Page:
Tuesday, February 4, 2020

... Tock

I think Donald Trump has broken the Democratic Party. They are defined now just by hating him.
Senator Rafael "Ted" Cruz, R - Texas. Quoted in: Ted Cruz: 'Donald Trump has broken the Democratic Party'
At this, the choir raised their hands in the air and shouted "amen." Everyone else went about their regularly-scheduled business.

It makes sense for Senator Cruz to be seen publicly calling out the Democrats as haters who have given up on their former convictions to rail against President Trump. To the degree that being a loyal Republican is to side with the President in all things, making his enemies your enemies is simply good politics. And even people who support President Trump find it so difficult to make the case for him to other people that they've given up. Someone who says that Democrats "are driven by hatred, prejudice and rage," and "want to destroy you and they want to destroy our country as we know it," is pretty clearly not looking for any Blue votes this time around.

And in the same way that President Trump casts Democrats as an active threat to his voter base and the nation as a whole, many Democratic voters see President Trump as an active threat to them. And in that sense, Senator Cruz may be correct. President Trump may have, well, "broken" is too strong a word, but he might well have redirected the Democratic Party. If President Trump's election was driven by an idea on the part of the people who voted for him that a Hillary Clinton presidency would have represented the United States turning its back on them and leaving them to fend for themselves, President Trump and a lot of other Republicans appear to be engaged in a campaign to convince core (or even marginal) Democratic constituencies that they mean to have the United States force them to fend for themselves. It's an interesting strategy of demonstrating that the President has the right enemies, while at the same time attempting to avoid frightening those same enemies into turning out en masse to protect themselves. It makes for an interesting dichotomy, because the President's base of support is not broad enough to bring him a victory in the face of heavy opposition turnout, his message of conflict only works if the supposed enemy doesn't actually have it in for him. The President doesn't appear to have substantially grown his base since the 2016 election, where he lost the popular vote. If "swing-state" voters who stayed home in 2016 feel threatened enough to come out this November, President Trump may be our first one-term President in a while.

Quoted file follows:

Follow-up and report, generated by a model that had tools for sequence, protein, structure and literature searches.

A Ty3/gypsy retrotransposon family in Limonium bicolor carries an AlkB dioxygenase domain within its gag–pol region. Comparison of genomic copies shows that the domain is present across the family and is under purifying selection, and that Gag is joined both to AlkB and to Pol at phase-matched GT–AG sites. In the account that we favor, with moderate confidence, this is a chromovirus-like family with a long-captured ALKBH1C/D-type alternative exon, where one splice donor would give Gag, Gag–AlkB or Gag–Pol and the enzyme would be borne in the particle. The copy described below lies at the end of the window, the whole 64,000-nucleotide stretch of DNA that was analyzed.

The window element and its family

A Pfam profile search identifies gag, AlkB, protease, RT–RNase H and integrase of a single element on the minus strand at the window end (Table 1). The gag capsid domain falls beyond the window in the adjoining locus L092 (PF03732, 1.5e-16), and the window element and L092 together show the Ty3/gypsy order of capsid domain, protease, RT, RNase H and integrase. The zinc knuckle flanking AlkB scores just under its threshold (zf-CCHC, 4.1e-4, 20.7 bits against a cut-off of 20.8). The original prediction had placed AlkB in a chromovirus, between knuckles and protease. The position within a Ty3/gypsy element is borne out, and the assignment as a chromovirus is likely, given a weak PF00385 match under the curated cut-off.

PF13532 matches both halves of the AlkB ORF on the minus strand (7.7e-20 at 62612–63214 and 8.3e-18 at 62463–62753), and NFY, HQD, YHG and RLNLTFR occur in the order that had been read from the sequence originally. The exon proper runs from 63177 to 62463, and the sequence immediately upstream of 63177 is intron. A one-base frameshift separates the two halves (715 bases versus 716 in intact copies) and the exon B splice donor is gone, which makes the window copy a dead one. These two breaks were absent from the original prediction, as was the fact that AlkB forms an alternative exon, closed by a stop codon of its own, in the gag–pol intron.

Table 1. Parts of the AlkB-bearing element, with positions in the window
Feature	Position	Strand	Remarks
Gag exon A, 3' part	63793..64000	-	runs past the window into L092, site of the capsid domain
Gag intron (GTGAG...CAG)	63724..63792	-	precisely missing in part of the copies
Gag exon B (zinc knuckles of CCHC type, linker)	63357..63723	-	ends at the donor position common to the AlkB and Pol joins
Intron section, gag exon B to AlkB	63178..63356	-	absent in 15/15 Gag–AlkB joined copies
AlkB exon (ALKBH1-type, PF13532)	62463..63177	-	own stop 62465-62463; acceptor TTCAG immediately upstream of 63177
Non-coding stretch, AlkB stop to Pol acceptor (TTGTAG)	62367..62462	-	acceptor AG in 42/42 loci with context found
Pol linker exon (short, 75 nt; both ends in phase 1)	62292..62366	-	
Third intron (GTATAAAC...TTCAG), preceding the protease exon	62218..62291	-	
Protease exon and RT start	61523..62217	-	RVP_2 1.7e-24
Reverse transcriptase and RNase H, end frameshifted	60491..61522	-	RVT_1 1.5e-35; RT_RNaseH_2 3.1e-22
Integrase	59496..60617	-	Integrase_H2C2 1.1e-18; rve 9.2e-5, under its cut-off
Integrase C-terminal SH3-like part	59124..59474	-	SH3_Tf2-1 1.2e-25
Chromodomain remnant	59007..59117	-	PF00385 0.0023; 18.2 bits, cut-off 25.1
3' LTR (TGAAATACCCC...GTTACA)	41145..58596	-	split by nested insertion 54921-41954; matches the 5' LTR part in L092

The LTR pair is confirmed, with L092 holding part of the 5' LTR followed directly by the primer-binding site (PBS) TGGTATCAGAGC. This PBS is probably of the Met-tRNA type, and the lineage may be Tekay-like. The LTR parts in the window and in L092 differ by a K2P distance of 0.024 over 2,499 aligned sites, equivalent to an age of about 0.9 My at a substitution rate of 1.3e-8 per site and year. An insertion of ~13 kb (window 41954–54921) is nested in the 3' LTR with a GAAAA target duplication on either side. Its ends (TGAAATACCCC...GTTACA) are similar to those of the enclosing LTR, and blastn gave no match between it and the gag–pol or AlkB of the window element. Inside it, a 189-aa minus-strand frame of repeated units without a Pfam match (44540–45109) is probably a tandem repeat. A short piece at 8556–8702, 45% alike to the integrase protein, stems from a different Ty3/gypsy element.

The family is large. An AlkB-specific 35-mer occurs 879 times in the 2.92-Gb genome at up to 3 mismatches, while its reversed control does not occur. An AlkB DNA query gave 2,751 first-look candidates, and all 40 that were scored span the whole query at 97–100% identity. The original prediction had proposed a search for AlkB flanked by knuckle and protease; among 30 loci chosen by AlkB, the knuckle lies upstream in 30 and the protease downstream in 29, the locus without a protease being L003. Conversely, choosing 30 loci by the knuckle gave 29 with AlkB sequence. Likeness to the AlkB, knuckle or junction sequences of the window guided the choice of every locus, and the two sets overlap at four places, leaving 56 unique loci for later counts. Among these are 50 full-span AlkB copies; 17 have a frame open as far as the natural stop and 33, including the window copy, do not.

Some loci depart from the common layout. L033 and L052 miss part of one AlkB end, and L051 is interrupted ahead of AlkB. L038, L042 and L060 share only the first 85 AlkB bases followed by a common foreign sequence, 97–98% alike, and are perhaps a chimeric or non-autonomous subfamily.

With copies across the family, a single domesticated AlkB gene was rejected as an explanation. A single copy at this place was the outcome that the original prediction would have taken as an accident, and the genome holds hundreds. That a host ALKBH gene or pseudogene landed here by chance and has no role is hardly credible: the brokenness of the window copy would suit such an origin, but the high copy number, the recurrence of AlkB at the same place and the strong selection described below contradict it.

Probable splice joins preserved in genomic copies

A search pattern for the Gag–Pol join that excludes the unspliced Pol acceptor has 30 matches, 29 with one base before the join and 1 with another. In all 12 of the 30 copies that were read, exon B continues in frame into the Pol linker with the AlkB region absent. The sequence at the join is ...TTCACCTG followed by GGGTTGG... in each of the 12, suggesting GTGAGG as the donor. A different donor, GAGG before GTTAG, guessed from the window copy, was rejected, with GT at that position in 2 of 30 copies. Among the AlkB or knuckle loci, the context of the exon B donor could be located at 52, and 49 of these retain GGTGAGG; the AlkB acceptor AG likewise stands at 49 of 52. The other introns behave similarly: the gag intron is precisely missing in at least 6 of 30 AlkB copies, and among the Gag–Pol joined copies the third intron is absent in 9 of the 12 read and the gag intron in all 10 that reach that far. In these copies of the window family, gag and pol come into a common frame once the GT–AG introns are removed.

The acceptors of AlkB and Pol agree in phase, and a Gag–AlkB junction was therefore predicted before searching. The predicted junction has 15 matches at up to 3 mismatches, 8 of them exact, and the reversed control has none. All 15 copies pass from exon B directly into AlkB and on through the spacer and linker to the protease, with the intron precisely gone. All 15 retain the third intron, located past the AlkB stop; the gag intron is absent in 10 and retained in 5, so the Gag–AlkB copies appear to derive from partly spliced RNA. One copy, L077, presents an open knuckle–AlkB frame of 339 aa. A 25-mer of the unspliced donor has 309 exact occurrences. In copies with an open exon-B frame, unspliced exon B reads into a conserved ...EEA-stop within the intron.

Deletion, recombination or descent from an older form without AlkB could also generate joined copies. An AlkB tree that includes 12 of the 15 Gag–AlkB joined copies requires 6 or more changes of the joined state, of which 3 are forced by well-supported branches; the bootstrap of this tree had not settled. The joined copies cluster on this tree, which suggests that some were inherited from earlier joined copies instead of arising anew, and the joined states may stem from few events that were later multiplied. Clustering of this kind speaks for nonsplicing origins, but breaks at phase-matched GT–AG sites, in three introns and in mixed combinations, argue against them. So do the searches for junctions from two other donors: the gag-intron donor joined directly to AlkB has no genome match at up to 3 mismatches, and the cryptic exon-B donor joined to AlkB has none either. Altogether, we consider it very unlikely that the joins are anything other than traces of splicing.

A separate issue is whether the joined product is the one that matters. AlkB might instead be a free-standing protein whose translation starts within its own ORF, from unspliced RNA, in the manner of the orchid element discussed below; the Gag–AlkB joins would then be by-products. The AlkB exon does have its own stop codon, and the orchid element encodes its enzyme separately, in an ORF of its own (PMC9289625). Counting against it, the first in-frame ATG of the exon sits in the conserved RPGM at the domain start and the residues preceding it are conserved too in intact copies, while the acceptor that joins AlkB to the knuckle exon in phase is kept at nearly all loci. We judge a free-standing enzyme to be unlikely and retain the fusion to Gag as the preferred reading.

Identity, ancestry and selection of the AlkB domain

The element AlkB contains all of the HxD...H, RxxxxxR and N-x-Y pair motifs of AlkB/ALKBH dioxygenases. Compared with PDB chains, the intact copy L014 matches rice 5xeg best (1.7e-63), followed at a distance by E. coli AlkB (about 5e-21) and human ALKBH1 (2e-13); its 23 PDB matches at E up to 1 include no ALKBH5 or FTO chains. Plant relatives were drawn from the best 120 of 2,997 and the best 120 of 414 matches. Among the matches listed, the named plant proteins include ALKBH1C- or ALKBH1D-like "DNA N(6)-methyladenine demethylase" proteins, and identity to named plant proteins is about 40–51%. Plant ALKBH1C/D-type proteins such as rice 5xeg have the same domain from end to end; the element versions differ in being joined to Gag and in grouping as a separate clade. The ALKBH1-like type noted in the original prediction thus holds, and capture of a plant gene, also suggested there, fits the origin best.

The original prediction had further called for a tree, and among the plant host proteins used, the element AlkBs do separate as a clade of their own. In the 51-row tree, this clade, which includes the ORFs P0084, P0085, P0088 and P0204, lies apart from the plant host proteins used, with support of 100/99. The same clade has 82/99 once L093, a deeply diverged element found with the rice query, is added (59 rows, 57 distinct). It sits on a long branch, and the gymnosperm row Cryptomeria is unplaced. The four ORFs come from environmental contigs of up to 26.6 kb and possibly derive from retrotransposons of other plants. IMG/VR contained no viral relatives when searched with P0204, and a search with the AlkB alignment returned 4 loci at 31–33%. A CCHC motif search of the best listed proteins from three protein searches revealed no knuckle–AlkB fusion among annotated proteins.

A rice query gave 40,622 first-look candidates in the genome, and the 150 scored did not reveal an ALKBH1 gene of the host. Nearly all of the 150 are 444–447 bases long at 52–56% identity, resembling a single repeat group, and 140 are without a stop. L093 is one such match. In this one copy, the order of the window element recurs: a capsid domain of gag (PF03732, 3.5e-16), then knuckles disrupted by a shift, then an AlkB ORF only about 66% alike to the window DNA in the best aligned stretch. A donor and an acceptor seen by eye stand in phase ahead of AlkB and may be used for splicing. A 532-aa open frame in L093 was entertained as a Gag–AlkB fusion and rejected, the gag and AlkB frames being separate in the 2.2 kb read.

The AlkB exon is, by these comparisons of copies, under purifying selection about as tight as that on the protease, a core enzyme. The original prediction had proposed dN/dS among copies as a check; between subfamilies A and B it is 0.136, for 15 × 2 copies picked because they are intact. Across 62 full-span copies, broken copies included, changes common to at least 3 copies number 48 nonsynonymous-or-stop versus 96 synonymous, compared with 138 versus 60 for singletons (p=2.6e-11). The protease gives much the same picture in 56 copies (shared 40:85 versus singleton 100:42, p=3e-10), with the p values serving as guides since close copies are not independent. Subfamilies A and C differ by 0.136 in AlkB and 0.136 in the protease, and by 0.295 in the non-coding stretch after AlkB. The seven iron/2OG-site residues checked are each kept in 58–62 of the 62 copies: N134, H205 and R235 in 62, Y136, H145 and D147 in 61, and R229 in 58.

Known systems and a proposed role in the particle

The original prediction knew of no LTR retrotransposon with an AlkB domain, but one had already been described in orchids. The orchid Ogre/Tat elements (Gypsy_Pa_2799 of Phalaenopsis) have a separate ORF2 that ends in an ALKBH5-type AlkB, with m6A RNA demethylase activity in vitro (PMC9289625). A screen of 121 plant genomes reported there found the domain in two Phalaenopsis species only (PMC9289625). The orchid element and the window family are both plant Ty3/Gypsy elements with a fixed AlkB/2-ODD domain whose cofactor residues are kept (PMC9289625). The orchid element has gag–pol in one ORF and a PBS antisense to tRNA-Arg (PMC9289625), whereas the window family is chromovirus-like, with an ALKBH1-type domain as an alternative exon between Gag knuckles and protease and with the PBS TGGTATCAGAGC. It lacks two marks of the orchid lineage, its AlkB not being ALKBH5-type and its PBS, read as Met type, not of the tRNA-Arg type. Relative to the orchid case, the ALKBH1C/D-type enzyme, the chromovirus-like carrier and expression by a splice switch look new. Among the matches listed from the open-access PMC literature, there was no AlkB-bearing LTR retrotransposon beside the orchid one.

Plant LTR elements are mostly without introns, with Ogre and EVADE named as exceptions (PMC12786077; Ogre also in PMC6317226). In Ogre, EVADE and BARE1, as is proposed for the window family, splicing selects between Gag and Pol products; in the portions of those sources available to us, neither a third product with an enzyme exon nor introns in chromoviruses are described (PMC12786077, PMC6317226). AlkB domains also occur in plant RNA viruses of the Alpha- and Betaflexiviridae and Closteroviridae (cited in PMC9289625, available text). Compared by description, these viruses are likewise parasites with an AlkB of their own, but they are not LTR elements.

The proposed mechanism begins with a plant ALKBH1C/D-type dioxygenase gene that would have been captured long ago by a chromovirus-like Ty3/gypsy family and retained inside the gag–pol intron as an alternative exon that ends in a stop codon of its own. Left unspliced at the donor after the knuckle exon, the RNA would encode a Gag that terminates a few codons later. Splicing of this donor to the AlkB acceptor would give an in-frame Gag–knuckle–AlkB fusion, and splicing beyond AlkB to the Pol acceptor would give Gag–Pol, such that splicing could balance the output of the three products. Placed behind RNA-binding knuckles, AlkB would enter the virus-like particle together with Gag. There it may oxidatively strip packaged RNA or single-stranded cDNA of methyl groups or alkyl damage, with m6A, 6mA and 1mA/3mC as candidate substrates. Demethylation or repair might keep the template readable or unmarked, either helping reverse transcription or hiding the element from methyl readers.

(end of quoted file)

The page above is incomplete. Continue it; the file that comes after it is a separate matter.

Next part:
The pendulum that started swinging with the Reagan or Clinton presidencies, depending on how one looks at it, will swing back. President Trump is too disengaged from the hopes and fears of the population outside of his base for them to stay quiet forever. He may be able to prevent his own voters from becoming complacent, and thus not coming out for him in this next general election, but without actively adding people to his coalition (or finding some way to effectively pseudo-gerrymander the nation as a whole to lock up the Electoral College) Republicans won't be able to maintain their hold on the White House. (Although their current control of large swaths of the federal judiciary may serve as something of a bulwark for a perhaps considerable time.) Senator Cruz calling out the Democrats as deranged isn't going to change that calculus. Eventually, demography looks set to carry the day.

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